Collectively, the Hakuba Valley is Japan’s largest ski area, but of the individual resorts, Happo-one (pronounced “o-nay”) is the largest, with a vertical descent of 1,071 meters and 22 lifts. The Happo-one village also acts as a transport hub for many of the smaller Hakuba resorts.
Happo-one does get crowded, so if you’re looking for a more relaxed resort in the region, consider Cortina, which has a far friendlier outlook on off-piste skiing than many of the other Hakuba ski areas. Cortina is a belter for experienced skiiers looking to test their legs at tree skiing.
Open Nov. 23 to May 6, 2020; all-mountain day pass ¥6,100; the Hakuba Valley area is a one-hour, ¥2,000 bus ride from Nagano Station, which connects to Tokyo by bullet train; hakubavalley.com
Yuzawa Kogen, Niigata Prefecture
If ease of access from Tokyo is your priority, then this is the resort for you. Located in Niigata Prefecture, Yuzawa is a 75-minute bullet train ride out of Tokyo Station via Echigo-Yuzawa Station.
There are about a dozen ski resorts within the Yuzawa town area, but Yuzawa Kogen is the most immediately accessible from the station. It’s a small resort, perfect for beginner and intermediate skiers who want to tackle the easy and immediate pistes before heading out to the more challenging slopes.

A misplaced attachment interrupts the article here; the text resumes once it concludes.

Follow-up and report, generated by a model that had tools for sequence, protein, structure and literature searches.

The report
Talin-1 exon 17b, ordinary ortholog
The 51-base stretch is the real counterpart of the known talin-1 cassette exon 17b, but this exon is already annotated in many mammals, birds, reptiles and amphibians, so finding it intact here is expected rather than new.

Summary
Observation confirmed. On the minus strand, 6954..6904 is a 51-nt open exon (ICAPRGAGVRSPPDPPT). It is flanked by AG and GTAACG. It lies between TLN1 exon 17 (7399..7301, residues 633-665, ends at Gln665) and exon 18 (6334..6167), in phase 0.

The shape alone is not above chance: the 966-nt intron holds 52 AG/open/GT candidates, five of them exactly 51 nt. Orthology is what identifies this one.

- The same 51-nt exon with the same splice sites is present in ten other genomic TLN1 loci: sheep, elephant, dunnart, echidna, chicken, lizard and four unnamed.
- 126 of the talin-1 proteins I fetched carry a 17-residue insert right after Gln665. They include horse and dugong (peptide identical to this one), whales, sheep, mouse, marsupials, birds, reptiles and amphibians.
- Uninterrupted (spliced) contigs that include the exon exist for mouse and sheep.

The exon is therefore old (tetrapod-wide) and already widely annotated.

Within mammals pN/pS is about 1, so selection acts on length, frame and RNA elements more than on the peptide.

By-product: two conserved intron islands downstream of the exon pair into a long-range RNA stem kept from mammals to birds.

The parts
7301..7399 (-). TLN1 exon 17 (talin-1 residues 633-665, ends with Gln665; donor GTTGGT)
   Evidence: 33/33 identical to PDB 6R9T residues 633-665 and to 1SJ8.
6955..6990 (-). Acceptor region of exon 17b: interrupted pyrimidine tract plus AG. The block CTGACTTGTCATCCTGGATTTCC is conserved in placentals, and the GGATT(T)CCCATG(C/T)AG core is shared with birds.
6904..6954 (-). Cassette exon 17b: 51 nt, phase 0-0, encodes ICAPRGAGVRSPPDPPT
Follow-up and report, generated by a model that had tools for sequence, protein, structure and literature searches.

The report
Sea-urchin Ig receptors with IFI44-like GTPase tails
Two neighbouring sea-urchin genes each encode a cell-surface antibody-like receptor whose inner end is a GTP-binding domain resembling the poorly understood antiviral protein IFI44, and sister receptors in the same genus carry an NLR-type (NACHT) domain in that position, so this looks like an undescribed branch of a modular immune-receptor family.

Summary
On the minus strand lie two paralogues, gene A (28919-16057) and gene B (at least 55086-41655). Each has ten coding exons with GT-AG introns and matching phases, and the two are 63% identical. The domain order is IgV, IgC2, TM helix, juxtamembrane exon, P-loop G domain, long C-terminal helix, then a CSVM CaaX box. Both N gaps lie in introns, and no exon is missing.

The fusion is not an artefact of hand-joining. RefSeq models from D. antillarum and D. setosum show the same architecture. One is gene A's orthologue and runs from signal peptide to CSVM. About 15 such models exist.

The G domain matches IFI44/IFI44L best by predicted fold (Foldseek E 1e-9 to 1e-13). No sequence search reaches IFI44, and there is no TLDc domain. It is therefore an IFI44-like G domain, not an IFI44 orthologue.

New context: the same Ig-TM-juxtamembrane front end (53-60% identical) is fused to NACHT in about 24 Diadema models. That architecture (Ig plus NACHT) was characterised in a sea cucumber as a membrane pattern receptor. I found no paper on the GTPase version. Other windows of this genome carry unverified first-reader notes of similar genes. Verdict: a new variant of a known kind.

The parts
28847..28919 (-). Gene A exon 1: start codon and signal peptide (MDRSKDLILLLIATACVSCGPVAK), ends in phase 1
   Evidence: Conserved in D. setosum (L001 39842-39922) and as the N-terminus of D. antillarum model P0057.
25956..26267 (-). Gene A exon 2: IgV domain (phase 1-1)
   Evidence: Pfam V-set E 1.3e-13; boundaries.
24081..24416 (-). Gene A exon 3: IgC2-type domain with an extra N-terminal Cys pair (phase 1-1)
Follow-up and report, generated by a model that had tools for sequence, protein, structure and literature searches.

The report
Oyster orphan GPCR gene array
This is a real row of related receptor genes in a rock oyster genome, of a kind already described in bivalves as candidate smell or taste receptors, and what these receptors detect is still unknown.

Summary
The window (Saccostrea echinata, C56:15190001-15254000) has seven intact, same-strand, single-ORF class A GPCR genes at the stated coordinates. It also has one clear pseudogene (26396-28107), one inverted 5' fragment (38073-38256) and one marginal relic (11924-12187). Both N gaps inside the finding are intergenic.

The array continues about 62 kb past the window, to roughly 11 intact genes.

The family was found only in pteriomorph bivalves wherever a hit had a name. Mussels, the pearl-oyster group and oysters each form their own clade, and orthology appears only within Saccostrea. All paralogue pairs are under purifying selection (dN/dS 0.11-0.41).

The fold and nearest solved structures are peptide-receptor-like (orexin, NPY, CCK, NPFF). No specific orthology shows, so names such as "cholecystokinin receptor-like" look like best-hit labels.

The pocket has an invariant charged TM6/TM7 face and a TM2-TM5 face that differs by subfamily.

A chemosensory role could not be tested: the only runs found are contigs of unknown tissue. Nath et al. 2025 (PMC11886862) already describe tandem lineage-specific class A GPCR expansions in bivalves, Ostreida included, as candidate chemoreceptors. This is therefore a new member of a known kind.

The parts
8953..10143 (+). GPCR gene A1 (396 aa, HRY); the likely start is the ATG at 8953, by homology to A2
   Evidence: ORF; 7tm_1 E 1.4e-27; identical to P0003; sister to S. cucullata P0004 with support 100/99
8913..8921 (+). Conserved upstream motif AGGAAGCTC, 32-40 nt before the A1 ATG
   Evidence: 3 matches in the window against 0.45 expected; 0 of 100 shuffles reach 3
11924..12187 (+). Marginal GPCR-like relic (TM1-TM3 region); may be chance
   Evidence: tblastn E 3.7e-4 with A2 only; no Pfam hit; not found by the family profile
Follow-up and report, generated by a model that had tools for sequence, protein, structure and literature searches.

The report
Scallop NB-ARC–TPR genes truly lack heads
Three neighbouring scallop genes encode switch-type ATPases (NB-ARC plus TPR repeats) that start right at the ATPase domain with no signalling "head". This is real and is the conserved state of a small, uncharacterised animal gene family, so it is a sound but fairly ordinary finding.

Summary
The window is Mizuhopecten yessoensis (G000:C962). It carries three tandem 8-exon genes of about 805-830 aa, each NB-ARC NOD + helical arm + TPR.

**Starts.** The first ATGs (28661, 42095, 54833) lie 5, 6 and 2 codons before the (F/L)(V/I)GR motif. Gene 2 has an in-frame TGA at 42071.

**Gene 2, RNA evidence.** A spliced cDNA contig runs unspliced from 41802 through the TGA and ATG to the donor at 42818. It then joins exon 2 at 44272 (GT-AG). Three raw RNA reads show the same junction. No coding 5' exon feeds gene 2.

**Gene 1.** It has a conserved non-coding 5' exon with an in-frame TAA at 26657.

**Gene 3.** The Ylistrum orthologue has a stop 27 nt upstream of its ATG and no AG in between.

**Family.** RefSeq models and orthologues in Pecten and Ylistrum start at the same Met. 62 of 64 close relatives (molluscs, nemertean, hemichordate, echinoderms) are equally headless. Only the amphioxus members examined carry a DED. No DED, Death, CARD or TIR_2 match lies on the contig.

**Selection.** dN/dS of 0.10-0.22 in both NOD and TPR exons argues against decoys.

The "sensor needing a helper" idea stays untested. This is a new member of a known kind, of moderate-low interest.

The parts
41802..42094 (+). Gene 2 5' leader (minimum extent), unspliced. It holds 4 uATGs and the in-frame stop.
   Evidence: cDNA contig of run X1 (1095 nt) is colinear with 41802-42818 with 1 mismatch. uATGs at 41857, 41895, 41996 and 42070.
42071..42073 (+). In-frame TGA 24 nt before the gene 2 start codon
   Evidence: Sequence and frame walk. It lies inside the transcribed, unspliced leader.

Yuzawa Kogen gets crowded at the weekends and accommodation can become quite expensive because of its accessibility from the capital. That said, prices plummet midweek, making it a worthy contender for those looking for one or two days of escape.
Open mid-December to the end of March, 2020; day pass ¥5,000; Yuzawa Kogen is a 75-minute bullet train ride out of Tokyo Station via Echigo-Yuzawa Station; yuzawakogen.com
Naeba, Niigata Prefecture
A short drive from Yuzawa is another of Japan’s largest resorts, Naeba — which doubles up as the host site of the summer Fuji Rock Festival.
Situated on the eastern slopes of Mount Takenoko, Naeba was purpose-built during the bubble era and has a wide selection of different terrain for skiing. Naeba is connected with neighboring Kagura Ski Resort by Dragondola, Japan’s longest gondola.
The top of the resort is much higher than many of the surrounding ones in the Yuzawa region, so the snow quality is better throughout the season. Naeba has a fairly strict view toward off-piste skiing so shouldn’t be the first choice for backcountry skiers, but its ease of access from Tokyo is a huge plus.
Open early December to early April, 2020; day pass ¥5,700; Naeba is a 50-minute, ¥670 one-way bus from Echigo-Yuzawa Station, which connects to Tokyo by bullet train; naeba.gr.jp/en